Texas Motor Speedway president Eddie Gossage had little to complain about after the summer race weekend.
The NASCAR Camping World Truck Series race on Friday produced an entertaining race narrowly won by Oklahoman Christopher Bell, and the IndyCar race on Saturday had plenty of drama on a night when Will Power avoided wrecks and prevailed.
Oh, and the new racing surface dried in a timely fashion when the track was hit with a steady rain shower on Friday morning.
“On a scale of 1-10, I think everything was about an eight,” Gossage said. “I don’t know how you can ask for anything more from a racing perspective. I would’ve liked to see them both finish under green — that was the only thing keeping it from an A-plus-plus was having both finish under yellow. But great, great weekend.”
Here are the Star-Telegram’s five takeaways from the weekend.
1. Pack race concerns. Veteran Tony Kanaan expressed concern about the pack racing after the race on Saturday. For drivers such as Kanaan, that type of racing is too dangerous for the series and the possibility of a life-threatening wreck is too steep.
“I don’t think we should be doing this the way it is,” Kanaan said. “We should be coming to Texas. The fans are great. This track is awesome. But I think we should change the format a little bit. How? I don’t know. We’ve got to figure it out.”
Gossage couldn’t disagree more with Kanaan. Saturday produced exactly the type of racing Gossage and the fans want.
The race featured plenty of passing and none of the wrecks would be considered “serious” or “life-threatening.”
“They’ve got it figured out. If they change it, that’d be a mistake,” Gossage said. “This is the racing we expect every time IndyCar is here because they’ve done it far more often than they haven’t. And, to be honest, accidents are caused by drivers, not the race track.
“I could name a name for every incident tonight where ‘Driver A’ should not have run into ‘Driver B.’ But this is the type of racing they do well and they’re awesome at it. If IndyCar were to say, ‘We can’t do this again?’ Then we wouldn’t want to have them back.”
2. Another TMS moment. Kanaan is among the most respected drivers in IndyCar. He’s been an open-wheel staple since 1998, but made head-scratching moves on Saturday night. He took blame for causing a nine-car pileup and also was involved in an earlier accident that ended Alexander Rossi’s day.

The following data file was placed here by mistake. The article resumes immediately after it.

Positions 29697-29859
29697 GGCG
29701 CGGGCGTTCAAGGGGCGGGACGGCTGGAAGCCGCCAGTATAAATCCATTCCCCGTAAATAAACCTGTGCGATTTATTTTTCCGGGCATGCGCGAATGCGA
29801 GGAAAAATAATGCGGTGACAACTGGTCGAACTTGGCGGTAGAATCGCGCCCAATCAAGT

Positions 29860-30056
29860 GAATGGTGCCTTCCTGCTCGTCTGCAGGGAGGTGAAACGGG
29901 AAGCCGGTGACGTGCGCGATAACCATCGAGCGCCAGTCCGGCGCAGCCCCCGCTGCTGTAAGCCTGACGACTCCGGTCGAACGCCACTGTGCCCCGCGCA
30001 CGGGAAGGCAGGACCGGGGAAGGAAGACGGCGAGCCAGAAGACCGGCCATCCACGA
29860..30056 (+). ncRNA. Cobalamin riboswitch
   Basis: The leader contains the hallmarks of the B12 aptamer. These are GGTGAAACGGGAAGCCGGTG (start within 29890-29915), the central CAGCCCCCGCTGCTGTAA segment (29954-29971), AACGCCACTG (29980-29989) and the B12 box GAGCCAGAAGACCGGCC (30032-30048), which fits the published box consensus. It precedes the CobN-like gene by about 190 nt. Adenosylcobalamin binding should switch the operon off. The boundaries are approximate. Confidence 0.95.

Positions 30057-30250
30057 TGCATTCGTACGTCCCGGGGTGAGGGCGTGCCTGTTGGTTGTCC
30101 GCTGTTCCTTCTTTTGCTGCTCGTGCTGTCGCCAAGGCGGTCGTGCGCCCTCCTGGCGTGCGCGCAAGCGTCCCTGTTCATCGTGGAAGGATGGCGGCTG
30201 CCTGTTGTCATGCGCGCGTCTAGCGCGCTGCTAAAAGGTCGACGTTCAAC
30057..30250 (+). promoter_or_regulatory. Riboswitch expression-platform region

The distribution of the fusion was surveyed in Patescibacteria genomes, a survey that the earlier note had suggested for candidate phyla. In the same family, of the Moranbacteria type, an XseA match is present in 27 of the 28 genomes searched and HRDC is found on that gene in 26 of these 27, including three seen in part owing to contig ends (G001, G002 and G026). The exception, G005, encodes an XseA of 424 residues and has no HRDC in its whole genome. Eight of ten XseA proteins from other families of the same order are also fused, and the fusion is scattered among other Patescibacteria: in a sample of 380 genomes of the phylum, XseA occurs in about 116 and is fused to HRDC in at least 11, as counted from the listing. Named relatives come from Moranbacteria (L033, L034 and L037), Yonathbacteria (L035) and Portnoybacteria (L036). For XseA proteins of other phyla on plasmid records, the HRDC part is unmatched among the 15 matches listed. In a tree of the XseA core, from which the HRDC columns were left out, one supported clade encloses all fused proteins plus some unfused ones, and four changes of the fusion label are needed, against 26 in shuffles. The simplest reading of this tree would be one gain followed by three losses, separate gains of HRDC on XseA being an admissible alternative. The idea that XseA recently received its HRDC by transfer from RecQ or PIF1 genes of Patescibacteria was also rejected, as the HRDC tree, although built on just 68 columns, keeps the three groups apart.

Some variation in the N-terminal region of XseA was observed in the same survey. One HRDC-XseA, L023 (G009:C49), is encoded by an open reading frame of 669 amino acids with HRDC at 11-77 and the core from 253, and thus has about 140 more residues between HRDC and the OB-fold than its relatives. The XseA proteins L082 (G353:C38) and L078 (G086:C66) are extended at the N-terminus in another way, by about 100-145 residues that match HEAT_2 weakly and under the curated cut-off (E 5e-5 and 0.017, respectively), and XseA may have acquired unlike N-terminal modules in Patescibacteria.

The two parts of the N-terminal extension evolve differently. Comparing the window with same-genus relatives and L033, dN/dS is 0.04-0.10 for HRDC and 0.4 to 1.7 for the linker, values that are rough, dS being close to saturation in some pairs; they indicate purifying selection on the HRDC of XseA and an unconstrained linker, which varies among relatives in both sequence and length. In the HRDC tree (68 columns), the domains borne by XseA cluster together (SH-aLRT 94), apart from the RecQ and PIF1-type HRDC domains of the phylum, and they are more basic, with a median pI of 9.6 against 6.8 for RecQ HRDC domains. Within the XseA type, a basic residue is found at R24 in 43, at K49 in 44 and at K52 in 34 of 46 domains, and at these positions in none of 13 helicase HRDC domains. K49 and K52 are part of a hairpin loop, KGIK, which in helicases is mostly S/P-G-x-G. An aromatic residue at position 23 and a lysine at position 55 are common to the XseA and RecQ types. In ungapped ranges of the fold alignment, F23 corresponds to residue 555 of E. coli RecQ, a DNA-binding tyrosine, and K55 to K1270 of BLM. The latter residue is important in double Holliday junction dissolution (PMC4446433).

It’s reminiscent of the 2010 NASCAR fall race when another respected veteran, Jeff Burton, wrecked Jeff Gordon and the two fought afterward.
Both seemed out of character for each driver, but TMS never disappoints when it comes to competitive juices overflowing.
As Kanaan said, “Apparently I don’t have any friends. It is what it is. I guess I’m getting blamed for everything.”
3. Home-field win? Will Power’s win might have been somewhat lost in the Kanaan drama and wreck-filled race. But, make no mistake, this is a significant win for Power. The Australian considers Texas his “second home” because his wife, Liz, is from Plano, and he clearly enjoyed the moment afterward.
“All the family is here, it just feels awesome,” Power said. “Her cousin said, ‘Man, you haven’t won for me here yet.’ And he has come year after year and I really didn’t think that it would be this weekend. But, oh man, you don’t understand how good that feels.”
Power is missing an Indianapolis 500 on his résumé, but a second Texas win (along with the second twin race in 2011) might rank up there for him.
4. New asphalt passes test. The re-paved and re-configured racing surface did its job in helping the track dry in a timely fashion on Friday morning. The track got steady showers and had to push back most of its activities about an hour.
The only thing canceled on the day was an IndyCar autograph session. Would have that been the case a year ago?
“Oh no,” Gossage said. “We couldn’t have gotten in the IndyCar practices on Friday afternoon and I don’t know if we would’ve even been able to get in the truck race at night. That’s why we re-paved and re-configured the track. We couldn’t roll the dice again.”
5. Raving on ruckus. Props to the track for adding an off-road ruckus portion to the race weekend featuring Stadium Super Trucks and an off-road trade show in the infield. The SST trucks provided more entertainment for fans, and the trade show broadened the fan base by attracting families whose children could do things such as ride along in a monster truck.
Gossage expects to build on this going forward. SST founder and driver Robby Gordon wants to return, and Gossage sees much more potential in the “ruckus” portion put on by the track.
“I think we hit on a good deal and it complemented well with everything we were doing,” Gossage said. “I think we can execute the ruckus portion of the deal better, and we’ll do it better next time.”